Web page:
Oleh to the Rescue

They may not make the news or qualify for rounds of funding, but an increasing number of Anglo Olim are making their mark on Israeli society

Oleh to the Rescue 758 (photo credit: NEFESH B'NEFESH)
Oleh to the Rescue 758
(photo credit: NEFESH B'NEFESH)
By working as emergency service providers in the police force, in emergency medical care and as firefighters, strengthening Israel from the inside out.
Yaakov Guttman, 29, is an Oleh giving his all for Israel as a firefighter. Born and raised in Bergenfield, New Jersey, Guttman grew up on stories of his maternal grandfather, who was a decorated gunner pilot for England in World War II and then went on to serve in Israel’s Haganah.
From a young age Guttman wanted to serve in the military, and always thought he would be a US Navy Seal. However, on a gap year in Israel, to “connect to my land and invest in Judaism,” Guttman spent a year at the Lev HaTorah Yeshiva, where Nefesh B’Nefesh’s Co-Founder and Executive Director Yehoshua Fass was his rabbi.
“Rabbi Fass is one of the most extraordinary people I’ve ever met, and he changed my life,” says Guttman.
Guttman joined the Israel Defense Forces in the Nahal Haredi unit, where he became a sharpshooter and a Krav Maga instructor, one of the first in his unit to do so. “I started out as the worst soldier, as I didn’t know any Hebrew,” recalls Guttman with a laugh.
“But I worked hard and was eventually the best.”
Guttman returned to the States and joined the FDNY. When he was called back to Israel for reserve duty he decided to stay. “I had such a strong passion for my land and country, and knew that I needed to come home,” says Guttman.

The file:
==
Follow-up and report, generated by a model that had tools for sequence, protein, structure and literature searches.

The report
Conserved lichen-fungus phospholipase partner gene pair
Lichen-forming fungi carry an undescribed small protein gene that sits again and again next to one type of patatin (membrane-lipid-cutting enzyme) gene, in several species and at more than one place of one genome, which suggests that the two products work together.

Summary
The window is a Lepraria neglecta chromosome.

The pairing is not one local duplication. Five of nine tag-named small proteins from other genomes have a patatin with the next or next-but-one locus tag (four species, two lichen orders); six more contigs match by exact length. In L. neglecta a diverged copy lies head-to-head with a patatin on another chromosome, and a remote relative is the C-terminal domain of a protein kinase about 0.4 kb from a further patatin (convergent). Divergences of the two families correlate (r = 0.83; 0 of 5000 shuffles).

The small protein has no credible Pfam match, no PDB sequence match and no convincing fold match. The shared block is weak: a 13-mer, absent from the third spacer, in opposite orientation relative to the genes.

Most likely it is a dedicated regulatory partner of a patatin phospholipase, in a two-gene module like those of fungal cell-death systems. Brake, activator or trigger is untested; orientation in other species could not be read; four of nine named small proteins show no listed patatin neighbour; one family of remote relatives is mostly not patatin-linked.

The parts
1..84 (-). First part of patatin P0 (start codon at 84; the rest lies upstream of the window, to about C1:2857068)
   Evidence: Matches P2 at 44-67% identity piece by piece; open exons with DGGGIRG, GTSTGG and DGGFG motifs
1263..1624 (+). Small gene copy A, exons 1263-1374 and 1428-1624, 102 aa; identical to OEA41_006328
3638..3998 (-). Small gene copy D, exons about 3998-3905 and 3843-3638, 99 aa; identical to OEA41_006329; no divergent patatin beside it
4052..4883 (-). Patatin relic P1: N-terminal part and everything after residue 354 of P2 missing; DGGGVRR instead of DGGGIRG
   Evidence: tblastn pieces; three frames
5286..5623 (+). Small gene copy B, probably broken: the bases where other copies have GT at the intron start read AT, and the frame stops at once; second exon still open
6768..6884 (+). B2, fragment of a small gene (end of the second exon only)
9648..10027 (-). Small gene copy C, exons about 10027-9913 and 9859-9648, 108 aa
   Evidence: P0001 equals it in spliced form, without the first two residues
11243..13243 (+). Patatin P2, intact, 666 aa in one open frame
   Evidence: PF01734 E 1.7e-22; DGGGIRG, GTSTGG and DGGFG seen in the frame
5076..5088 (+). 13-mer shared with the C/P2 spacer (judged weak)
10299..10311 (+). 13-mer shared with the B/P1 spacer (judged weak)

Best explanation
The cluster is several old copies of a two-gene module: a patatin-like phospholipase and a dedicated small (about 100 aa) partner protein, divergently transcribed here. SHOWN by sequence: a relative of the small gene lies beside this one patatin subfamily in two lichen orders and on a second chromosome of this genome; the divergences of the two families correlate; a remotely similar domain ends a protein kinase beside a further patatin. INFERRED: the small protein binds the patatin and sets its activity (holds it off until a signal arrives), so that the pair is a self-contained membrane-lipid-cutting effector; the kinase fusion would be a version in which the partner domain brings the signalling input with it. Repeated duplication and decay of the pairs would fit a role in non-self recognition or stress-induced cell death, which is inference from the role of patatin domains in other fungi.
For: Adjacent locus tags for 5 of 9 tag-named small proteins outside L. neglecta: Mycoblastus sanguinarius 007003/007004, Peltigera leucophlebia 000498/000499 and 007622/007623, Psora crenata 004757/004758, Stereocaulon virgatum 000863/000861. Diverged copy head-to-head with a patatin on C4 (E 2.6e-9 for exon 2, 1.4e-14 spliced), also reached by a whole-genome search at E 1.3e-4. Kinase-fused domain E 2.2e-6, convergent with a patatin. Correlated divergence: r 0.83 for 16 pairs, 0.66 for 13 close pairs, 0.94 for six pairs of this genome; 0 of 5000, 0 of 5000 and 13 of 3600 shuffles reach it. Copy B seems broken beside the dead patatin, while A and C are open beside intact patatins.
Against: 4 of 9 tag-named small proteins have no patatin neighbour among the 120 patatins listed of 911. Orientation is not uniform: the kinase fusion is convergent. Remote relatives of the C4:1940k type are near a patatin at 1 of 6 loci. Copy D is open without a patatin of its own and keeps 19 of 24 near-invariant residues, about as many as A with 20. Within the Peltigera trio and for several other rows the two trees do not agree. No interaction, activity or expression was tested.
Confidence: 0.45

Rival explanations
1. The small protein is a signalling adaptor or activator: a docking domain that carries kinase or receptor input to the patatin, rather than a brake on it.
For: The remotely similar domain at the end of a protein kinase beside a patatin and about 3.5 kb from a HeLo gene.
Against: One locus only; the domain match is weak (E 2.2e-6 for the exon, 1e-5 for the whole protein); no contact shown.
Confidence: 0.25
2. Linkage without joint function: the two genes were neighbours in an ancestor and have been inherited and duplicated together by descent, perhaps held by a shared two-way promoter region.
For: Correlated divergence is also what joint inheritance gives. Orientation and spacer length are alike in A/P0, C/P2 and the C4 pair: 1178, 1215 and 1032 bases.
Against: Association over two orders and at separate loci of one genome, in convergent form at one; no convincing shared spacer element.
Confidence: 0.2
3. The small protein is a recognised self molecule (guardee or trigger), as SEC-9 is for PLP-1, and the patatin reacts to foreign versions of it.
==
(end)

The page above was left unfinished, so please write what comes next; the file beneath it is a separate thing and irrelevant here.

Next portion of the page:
Becoming a firefighter had been Guttman’s dream for a number of years and he worked and networked single-mindedly toward this goal. He had been working with Nefesh B’Nefesh’s employment department in an attempt to develop a career in the “start-up nation” and secure a job in high-tech sales. But even during his job search, his dream of becoming a firefighter kept niggling at him.
Guttman started working in security, with the goal of becoming a firefighter. “It’s the perfect combination of civilian life and the military,” explains Guttman. “It was tough getting accepted at the beginning, but after the Carmel Forest Fire in 2010 (Israel’s worst civilian disaster), there were sweeping reforms in Israel’s Fire and Rescue Services, and 2000 new firefighters were hired.”
Guttman is now in the training course with 90 others. “In Israel everyone learns to do every job, all the time, every time. Standards have been significantly upgraded and our teachers constantly tell us that we are a new generation of firefighters.”
The high-tech sector is not the only area developing in Israel. Part of what’s so exciting about being in Israel right now is that no matter what profession you choose, you can be a pioneer. Israel is still such a young country with fields continuously advancing. If you’re innovative, it’s not difficult to break into agriculture, high-tech, education, energy, or security, to name just a few. Israel is constantly evolving. All it takes is perseverance, creativity and energy.
“Israel’s emergency services are changing drastically, and Israel’s firefighters are respected internationally,” says Guttman. “I love helping people and I am glad that I have the opportunity to devote my life to this.”